Advertisement
 

Angels may have found a keeper in reliever Dane De La Rosa

Angels FYI

The Angels have sent away talent in the past, but tide turns in their favor, as Tampa Bay's loss through trade has been Angels' gain. De La Rosa has emerged as key piece in an injury-riddled bullpen.

April 29, 2013|By Mike DiGiovanna, Los Angeles Times
  • Angels reliever Dane De La Rosa pitches against the Seattle Mariners.
Angels reliever Dane De La Rosa pitches against the Seattle Mariners. (Otto Greule Jr. / Getty Images )

OAKLAND — Teams have made a habit of turning Angels castoffs into All-Star closers (Fernando Rodney) and reliable setup men (Darren O'Day, Joel Peralta), but in 6-foot-7 right-hander Dane De La Rosa, the Angels may have a reliever who can turn the talent tide back toward Anaheim.

De La Rosa kicked around the minor leagues for 10 years, playing three seasons of independent-league ball, and Tampa Bay had little need for him when it traded De La Rosa in the final week of spring training to the Angels for Steven Geltz, a pitching prospect with a low ceiling, literally — he's 5-9.

But since his April 9 recall from triple-A, De La Rosa, who mixes a 94-mph fastball with a big curve and changeup, has emerged as a key piece in an injury-ravaged bullpen, taking a 2.31 earned-run average in 11 appearances into Monday night's game.

"He's been amazing," Angels closer Ernesto Frieri said. "He's throwing strikes and gaining more confidence. He's done a great job. Hopefully, he stays like this all year."

With injuries to Sean Burnett, Kevin Jepsen and Mark Lowe and Garrett Richards moving to the rotation, De La Rosa is now third in Manager Mike Scioscia's bullpen pecking order behind Frieri and Scott Downs.

Not only has De La Rosa, 30, been effective, he's been a workhorse, pitching in five games last week, including two hitless innings in last Tuesday's win over Texas. He even warmed up Sunday in Seattle but did not pitch.

"I don't mind it all," said De La Rosa, a Riverside College product. "It's helping me be more consistent. With the Rays, I'd throw one day, get six days off. I get into a rhythm a lot easier when I'm throwing all the time."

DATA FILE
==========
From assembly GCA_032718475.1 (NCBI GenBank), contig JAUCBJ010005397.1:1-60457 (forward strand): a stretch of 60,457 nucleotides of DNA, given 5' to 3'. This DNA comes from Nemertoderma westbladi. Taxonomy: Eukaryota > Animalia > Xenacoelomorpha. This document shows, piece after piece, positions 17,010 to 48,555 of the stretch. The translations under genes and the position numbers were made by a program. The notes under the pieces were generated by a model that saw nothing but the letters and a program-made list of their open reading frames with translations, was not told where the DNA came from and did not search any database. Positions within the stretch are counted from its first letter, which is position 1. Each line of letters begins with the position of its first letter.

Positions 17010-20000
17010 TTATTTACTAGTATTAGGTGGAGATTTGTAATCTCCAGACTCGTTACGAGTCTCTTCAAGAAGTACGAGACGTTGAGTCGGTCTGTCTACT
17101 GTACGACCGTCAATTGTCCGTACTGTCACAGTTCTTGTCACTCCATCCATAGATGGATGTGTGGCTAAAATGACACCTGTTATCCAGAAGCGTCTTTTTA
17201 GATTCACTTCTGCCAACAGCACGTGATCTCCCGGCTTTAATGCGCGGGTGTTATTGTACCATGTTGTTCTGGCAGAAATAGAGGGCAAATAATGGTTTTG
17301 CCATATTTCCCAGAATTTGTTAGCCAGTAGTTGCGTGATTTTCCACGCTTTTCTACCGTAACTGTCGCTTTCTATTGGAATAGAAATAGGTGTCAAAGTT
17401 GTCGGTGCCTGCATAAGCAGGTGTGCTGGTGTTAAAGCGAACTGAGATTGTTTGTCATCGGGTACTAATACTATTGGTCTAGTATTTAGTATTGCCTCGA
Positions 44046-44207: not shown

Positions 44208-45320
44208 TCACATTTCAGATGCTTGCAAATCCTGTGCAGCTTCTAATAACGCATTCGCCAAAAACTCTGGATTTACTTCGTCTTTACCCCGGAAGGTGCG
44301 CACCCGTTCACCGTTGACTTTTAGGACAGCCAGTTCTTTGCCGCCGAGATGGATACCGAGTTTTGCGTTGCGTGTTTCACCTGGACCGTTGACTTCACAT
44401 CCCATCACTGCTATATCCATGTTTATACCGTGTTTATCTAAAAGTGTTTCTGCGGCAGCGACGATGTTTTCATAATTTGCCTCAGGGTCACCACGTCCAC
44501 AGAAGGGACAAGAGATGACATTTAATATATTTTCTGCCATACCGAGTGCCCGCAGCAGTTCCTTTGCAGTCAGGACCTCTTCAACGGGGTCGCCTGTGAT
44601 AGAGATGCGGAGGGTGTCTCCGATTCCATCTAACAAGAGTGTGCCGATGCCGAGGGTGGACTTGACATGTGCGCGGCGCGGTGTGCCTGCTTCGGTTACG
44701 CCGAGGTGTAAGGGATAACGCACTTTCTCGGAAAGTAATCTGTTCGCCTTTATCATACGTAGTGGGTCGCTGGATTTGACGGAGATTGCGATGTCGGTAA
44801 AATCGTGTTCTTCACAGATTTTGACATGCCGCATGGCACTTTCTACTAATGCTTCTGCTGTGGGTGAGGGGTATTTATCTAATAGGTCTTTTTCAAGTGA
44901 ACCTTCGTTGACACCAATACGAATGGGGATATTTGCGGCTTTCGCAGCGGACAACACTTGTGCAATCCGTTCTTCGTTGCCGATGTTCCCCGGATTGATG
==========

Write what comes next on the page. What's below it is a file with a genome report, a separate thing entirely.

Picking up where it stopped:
De La Rosa took a huge step in that win over the Rangers, rebounding from a rocky outing the night before, when he walked one and gave up a run-scoring single in a three-run seventh that allowed Texas to tie the score in an eventual 7-6 win.

"My nerves got the best of me," De La Rosa said. "I had to relax and know I've done this before. Just trust my ability, be aggressive and get strike one, strike two."

Scioscia said De La Rosa "has the potential to be a very important piece of the bullpen," but Frieri believes his success will hinge on his command.

"Whenever he's ahead in the count, nobody can touch him," Frieri said. "When he's trying to find the strike zone, he gets in trouble."

Short hops

Shortstop Erick Aybar, on the DL because of a bruised left heel, went two for five in a rehabilitation game for triple-A Salt Lake on Monday night, lining a two-run homer to right field and legging out a double after he chopped a grounder to over the head of the first baseman. There is a good chance Aybar will be activated Tuesday night.... Reliever Mark Lowe, on the disabled list because of a strained neck, and third baseman Alberto Callaspo (right groin injury) will begin rehabilitation assignments with Class-A Inland Empire on Tuesday. Lowe will throw one inning Tuesday and two innings Thursday and should be ready to pitch for the Angels this weekend.

mike.digiovanna@latimes.com

Advertisement
Los Angeles Times Articles
|
|
|